Change takes convincing—whether it be convincing someone else or yourself. It’s hard to open the doors to collaboration without recognizing the benefits. Content measurement helps by assessing web performance against established website goals (aka, KPIs).

By evaluating the success of shared goals you can realize the benefits of collaboration—which stops being an abstract “nice-to-have” and becomes a clearly critical element of publishing on the web.

What ways have you seen content work support collaboration at your institution?

Photo by foxypar4 / Flickr Creative Commons

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About Rick Allen

Rick Allen has worked in higher education for over twelve years, helping to shape web communications and content strategy. As principal of ePublish Media, Inc, a web publishing and content strategy consultancy in Boston, Mass., Rick works with knowledge-centric organizations to create and sustain effective web content. Keep going »


  1. Was involved in setting up the original service group model that was used for a couple of years at my institution. The approach was to meet every 6 weeks(ish) with business representatives for a particular audience group. An excellent model for keeping everybody in the loop and on the one page. The main issues experiences with the model were – getting the right conversations happening and strategic leadership. Many business ares thought – this is a web meeting – its about technology, so the wrong reps were sent. Some business areas only relied on competitor analysis for identification of what should be done in the web space.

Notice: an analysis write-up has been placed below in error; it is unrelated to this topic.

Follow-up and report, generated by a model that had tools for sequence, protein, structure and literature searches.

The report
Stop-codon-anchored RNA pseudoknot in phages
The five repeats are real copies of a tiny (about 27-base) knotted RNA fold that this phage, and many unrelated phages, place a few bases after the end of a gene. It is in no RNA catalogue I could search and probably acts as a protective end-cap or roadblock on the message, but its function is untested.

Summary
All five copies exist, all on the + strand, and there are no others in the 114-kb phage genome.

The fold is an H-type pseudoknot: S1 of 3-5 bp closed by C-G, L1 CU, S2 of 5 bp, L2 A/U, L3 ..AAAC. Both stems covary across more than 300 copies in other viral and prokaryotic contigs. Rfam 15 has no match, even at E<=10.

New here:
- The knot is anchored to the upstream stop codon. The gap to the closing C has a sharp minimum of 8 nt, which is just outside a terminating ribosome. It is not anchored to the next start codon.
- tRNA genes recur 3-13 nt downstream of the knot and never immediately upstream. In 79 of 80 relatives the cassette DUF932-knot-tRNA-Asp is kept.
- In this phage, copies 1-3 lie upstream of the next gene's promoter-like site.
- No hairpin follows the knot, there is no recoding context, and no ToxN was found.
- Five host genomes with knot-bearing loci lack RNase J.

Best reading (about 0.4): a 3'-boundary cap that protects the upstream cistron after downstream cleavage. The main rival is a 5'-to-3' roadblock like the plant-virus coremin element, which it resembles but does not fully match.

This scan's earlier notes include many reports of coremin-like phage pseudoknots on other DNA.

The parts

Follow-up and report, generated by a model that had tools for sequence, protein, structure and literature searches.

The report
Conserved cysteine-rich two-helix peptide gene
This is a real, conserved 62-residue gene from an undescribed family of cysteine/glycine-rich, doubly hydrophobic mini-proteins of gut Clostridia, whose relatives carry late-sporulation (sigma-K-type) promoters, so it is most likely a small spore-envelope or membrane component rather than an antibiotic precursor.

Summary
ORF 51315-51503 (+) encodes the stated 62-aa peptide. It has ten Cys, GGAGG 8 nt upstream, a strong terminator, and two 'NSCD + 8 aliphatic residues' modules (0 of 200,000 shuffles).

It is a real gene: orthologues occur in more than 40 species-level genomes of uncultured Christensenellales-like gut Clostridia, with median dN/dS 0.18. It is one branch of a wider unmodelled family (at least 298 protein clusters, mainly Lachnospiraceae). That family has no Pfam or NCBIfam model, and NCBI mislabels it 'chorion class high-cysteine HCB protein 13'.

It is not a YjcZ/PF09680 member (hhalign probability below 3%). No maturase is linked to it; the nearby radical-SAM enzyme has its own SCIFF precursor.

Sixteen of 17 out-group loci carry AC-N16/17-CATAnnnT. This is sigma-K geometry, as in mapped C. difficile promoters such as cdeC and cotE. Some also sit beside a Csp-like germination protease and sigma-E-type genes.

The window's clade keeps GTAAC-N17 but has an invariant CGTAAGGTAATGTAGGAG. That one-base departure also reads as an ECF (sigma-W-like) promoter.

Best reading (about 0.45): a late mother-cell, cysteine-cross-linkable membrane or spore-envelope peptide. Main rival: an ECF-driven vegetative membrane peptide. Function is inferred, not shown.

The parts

2. Easy Meet does not supply such a phone cfcnerenniog server. Currently it relies on corporate or third-party service providers for voice cfcnerenniog.The whiteboard feature has been implemented in 2007. It’s currently disabled mainly because most cell phones do not have a touch screen or stylus for drawing. It could be released soon (after a little more cross-platform testing).Video still seems difficult on mobile browsers. Application sharing is being planned depending on how it is interpreted…

What do you think?